It’s time for the A to Z Challenge! Hello and welcome to my main blog. My name is Rose Anderson and I’m a novelist. Join me and nearly 2000 bloggers and authors as we blog the alphabet throughout the month of April. It’s not as easy as you might think. There’s a reason Q and Z are worth 10 points in Scrabble!
For me, this year’s alphabet will be about history and historical science– things that tickle my fancy or capture my imagination. I hope you will find them interesting too.
Keep the topic rolling! If you’ve enjoyed the today’s offering and have comments or questions, add them at the end of the post in the comment section. And…if you enjoy romances with unique twists, a good deal of steam, facts, and characters full of personality and depth, scroll down for a free chapter sampler. I love to make the impossible sound plausible. Suffice to say, I have an unusual mind.
Today’s Calliope’s Writing Tablet post is brought to you by the letter R ~ Rat King
For nearly thirty years I’ve lived on the hill surrounded by woodlands, wetlands, and prairie. It’s lovely here. Truly lovely. Oh we’ve had our buggie years where hordes of mosquitoes make for very unpleasant summers. I notice such things. lol But how the mosquitoes go depends upon weather. A drought year, for example, will be virtually pest free. As nice as it is to sit outside on a balmy summer’s night without slapping yourself silly, a drought isn’t something to wish for.
Weather changes the environment in subtle and not so subtle ways. For one, it allows creatures and plants into areas where they’ve never been before. An example of this in my area would be possums (opossums being their official name). These cute little scavengers with their naked tails, pink noses, and delicate ears and paws are southern habitat animals. Weather changes allowed them to venture north, but here we get deep winter and frostbite is the price they pay. It burns their pink bare skin so when you see them in spring and summer their pink ears and tails are black on the edges and much shorter. Possums aren’t the only slow invaders in my neck of the woods. In the last eight years we have a new pest to make summers miserable– ticks and tick-borne diseases. Ticks go for just about any warm-blooded mammal, but the two that play perfect host for tick carrying Lyme Disease are the white-tailed deer and the deer mouse. These I have in abundance all around my home.
Vectors & Weather
Most people have read or heard about the historic Black Death or Bubonic Plague pandemic that hit Europe and Asia in waves between the 1100s and 1400s. The plague killed approximately 60% of Europeans — best guess, that works out to 20 million people. It’s caused by a particular bacteria living in the guts of fleas that feed on humans but are most commonly found on rodents. After studying the hows and whys, fingers point to weather in Asia as the bringer of plague. Weather changes and rats.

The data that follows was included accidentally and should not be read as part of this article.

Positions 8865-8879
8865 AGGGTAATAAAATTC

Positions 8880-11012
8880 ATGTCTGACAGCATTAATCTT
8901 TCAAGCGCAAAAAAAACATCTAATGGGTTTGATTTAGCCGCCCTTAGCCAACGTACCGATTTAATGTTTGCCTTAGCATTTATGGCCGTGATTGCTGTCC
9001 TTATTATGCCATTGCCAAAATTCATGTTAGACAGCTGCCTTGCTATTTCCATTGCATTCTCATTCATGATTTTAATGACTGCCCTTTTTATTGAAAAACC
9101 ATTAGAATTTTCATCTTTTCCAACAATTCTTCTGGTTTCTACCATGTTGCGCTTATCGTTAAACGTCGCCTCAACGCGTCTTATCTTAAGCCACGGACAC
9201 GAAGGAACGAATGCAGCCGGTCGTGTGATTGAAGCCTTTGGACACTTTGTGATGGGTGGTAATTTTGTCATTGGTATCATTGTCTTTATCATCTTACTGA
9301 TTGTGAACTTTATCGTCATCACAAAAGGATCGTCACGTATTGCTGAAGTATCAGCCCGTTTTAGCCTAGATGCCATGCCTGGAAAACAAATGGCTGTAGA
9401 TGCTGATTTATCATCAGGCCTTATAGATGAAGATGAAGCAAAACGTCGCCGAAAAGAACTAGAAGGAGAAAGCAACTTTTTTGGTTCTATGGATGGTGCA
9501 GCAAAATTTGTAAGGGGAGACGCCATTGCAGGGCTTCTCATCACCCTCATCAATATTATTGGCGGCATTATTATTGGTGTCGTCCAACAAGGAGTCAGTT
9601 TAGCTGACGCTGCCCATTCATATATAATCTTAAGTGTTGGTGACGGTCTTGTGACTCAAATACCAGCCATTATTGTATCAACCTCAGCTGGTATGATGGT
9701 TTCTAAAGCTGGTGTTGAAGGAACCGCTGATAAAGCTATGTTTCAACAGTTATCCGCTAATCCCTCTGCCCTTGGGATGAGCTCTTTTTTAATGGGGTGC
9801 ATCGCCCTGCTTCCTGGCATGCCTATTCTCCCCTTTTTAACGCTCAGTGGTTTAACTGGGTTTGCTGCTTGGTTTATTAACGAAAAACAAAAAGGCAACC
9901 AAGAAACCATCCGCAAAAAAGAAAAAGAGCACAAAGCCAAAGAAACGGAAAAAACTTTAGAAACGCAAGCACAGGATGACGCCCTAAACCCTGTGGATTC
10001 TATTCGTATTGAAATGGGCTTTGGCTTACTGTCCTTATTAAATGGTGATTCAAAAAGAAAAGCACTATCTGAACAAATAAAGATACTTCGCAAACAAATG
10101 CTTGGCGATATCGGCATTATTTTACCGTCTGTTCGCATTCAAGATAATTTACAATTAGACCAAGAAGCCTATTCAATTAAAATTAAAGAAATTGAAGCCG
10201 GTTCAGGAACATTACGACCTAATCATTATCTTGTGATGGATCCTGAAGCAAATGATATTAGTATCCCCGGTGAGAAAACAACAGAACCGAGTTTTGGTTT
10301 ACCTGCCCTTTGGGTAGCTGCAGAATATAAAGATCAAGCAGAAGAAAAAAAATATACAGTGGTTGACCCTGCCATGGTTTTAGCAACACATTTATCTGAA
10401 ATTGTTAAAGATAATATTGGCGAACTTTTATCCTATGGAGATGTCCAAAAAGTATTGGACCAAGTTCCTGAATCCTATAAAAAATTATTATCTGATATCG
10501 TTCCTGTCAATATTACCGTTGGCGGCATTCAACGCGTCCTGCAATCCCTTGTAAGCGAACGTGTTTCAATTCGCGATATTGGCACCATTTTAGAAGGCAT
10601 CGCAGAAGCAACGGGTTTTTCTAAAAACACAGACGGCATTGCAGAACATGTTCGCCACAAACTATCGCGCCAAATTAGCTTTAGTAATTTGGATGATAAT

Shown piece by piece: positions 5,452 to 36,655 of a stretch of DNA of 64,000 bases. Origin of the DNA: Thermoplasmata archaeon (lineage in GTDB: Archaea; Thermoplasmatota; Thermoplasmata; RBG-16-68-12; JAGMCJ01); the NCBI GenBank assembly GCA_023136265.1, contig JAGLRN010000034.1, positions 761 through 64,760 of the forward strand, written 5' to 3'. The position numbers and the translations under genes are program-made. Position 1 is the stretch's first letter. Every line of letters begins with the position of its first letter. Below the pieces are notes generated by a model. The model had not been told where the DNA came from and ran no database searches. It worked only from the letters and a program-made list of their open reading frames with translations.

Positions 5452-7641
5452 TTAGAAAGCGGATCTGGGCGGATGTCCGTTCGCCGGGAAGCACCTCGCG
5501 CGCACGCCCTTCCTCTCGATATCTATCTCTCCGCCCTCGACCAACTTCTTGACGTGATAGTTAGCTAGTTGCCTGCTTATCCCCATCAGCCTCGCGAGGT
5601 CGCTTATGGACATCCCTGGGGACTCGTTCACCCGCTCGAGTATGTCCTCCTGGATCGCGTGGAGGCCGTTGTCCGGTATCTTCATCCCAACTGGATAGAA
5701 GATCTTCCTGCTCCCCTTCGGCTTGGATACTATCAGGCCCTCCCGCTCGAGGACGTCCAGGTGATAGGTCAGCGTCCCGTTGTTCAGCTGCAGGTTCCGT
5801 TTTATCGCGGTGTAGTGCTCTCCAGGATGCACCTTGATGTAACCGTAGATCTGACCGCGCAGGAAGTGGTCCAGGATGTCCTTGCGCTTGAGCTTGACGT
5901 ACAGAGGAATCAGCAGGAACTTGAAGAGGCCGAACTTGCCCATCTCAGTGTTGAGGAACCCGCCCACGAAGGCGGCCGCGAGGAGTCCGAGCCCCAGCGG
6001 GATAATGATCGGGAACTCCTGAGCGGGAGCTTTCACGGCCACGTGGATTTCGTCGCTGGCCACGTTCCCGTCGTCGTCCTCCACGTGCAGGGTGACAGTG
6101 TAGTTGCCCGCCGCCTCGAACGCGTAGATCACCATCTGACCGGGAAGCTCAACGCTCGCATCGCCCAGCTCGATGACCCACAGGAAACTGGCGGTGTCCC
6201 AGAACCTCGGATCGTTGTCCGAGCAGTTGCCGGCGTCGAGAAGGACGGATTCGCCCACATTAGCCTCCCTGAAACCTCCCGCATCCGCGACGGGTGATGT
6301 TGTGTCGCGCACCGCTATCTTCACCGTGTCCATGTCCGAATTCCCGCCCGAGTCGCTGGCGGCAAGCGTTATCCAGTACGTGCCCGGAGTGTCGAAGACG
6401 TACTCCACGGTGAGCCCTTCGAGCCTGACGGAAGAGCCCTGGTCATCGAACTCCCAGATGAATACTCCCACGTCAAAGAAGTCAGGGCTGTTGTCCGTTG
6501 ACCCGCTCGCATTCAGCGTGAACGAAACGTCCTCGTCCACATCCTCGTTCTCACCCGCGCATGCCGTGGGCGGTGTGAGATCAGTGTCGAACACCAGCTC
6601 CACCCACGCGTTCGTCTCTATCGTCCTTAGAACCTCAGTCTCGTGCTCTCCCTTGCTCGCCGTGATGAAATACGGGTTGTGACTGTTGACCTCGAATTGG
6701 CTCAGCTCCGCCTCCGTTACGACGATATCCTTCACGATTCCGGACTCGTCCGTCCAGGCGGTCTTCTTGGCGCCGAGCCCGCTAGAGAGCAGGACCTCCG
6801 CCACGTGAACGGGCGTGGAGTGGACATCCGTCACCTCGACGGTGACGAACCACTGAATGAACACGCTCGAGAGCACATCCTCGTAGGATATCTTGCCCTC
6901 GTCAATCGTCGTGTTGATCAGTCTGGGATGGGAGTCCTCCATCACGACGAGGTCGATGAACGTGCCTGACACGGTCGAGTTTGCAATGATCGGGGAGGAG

Now that you have the image of rats as vectors for disease in your mind, add to this the fact they live everywhere we do. That’s enough to inspire a shudder or two, no? Here’s another image…
Sometime in the mid-1500s a dessicated horror was found inside a wall in Germany and immediately pegged as the bringer of plague 100 years before. It was a mummified rat king.
Medieval scholars not only believed a rat king was actually one animal with many bodies, but also an extremely bad omen. In truth, a rat king is a rare phenomenon found in colonies of black rats born and living in tight spaces in northern climates. Because of the cramped conditions, a number of rats become helplessly tangled at the tails. The tails eventually knotted up with blood, dirt, and excrement. X-rays of rat kings show a large number of tail breaks that healed as well as calluses from where the tails rubbed against each other. Both suggest the injuries and calluses happened while the animals lived.
Apparently, fifty-eight reliable rat kings had been registered since 1564. Even with x-rays showing broken and healed tail vertebrae, some skeptics believe rat kings to be cryptozoological, meaning they could potentially be real or imply hoaxes. Still, Europe has several rat kings on display in museums, including the largest rat king found in Germany in the early 1800s. It consists of 32 rats. Now that’s the stuff of nightmares!
It does happen in the wild as this photo shows. These baby squirrels were all connected at the tails. Here you see they’re sedated for the untangling.
Tomorrow ~ letter S!
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